• Companies must disclose information to consumers about their data and what they do with it. They should also let the user know how and where they share their personally identifiable information (or PII) with other businesses.
  • Any qualifying company must have a data inventory to accurately track its data processing history.
  • Companies must inform the user about any data collection either at the point of collection or before that. They must also seek their permission before processing their data.
  • Companies should give users the full right to access any personal information they may have on them.
  • They should explain to users how they can go about making requests for their data or the deletion of their data. This is what is known as the right to be forgotten.
  • Companies must also make sure users know the rights they have as a result of the CCPA becoming California’s new privacy law.
  • If a company is in the business of selling consumers’ personal information, it must have a full page on its website titled “Do Not Sell My Personal Information.”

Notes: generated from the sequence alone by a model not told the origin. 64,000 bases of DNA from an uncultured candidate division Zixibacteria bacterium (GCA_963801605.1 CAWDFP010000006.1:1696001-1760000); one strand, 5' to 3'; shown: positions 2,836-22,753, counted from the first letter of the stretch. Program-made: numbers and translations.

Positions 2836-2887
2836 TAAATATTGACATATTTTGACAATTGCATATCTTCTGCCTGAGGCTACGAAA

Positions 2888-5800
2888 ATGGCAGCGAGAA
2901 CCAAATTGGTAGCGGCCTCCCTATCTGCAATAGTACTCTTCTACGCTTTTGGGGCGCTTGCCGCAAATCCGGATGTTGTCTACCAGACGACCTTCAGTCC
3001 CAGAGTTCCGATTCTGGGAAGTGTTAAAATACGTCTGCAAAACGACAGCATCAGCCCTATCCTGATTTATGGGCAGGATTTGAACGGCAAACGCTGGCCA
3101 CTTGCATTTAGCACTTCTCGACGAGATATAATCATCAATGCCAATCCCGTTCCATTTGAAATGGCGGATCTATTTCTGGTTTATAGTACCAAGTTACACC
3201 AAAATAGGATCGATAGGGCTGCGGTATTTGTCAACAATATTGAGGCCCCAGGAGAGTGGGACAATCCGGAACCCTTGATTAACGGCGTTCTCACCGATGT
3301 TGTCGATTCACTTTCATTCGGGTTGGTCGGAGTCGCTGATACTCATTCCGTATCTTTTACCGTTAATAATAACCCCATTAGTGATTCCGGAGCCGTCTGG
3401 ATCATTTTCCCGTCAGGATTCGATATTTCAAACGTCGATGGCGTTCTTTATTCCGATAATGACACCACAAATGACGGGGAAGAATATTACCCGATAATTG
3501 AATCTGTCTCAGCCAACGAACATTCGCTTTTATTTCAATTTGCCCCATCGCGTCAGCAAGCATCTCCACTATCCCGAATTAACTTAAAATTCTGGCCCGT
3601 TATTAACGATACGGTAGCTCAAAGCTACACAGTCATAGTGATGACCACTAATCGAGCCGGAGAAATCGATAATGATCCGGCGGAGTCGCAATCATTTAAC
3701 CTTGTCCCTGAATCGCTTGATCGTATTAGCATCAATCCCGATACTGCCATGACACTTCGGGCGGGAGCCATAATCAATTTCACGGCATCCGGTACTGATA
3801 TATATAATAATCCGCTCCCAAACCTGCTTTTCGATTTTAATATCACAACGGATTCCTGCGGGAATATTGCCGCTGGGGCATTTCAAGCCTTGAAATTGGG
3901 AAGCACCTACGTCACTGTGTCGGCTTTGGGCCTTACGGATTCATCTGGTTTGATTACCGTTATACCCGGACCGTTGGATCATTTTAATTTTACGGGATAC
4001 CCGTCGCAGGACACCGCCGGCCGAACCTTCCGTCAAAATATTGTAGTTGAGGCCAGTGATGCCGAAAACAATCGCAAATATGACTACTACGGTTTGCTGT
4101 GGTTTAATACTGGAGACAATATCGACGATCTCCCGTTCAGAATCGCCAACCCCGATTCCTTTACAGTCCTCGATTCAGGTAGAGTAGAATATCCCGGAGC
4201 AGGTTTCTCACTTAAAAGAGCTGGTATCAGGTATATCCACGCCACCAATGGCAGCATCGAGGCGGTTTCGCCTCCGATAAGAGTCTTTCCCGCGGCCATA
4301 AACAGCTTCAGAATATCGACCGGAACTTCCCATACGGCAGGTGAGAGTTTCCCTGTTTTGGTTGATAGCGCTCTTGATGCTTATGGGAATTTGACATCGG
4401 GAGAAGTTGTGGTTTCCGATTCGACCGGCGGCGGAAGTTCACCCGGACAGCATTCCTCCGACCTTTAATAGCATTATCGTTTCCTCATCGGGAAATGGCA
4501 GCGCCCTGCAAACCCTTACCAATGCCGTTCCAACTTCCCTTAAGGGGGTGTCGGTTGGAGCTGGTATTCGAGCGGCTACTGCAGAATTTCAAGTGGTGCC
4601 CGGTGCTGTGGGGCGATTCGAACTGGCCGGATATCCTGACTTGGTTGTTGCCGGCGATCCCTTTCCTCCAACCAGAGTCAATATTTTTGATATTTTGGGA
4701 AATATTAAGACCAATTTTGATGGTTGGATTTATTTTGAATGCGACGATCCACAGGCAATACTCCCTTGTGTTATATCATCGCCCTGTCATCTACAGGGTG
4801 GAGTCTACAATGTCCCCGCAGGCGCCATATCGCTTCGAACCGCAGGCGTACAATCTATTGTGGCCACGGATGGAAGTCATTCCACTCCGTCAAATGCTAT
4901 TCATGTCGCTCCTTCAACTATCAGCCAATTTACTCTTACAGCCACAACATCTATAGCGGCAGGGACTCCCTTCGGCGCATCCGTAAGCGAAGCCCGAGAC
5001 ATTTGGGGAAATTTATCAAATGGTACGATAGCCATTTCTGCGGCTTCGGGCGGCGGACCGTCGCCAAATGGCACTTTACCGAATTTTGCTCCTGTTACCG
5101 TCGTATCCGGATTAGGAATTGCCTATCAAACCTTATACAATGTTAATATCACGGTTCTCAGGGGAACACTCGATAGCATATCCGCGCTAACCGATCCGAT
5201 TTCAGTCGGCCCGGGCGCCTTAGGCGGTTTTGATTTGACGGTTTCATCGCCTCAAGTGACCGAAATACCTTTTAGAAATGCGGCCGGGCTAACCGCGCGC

Generally speaking, the CCPA tries to balance online commerce growth with better privacy protections.

What Does the CCPA Do?

The California Consumer Privacy Act (CCPA) gives any person living in the state of California the right to request a company to show them all the personal information collected on them. Via the CCPA, they can also access the entire list of third parties with which internet companies have shared their data. Finally, it grants consumers to take internet companies and other entities to court if they violate any of the CCPA consumer privacy regulations. The company itself does not have to suffer a data breach for the consumer to sue it.

More specifically, the CCPA provides the following protections to California residents: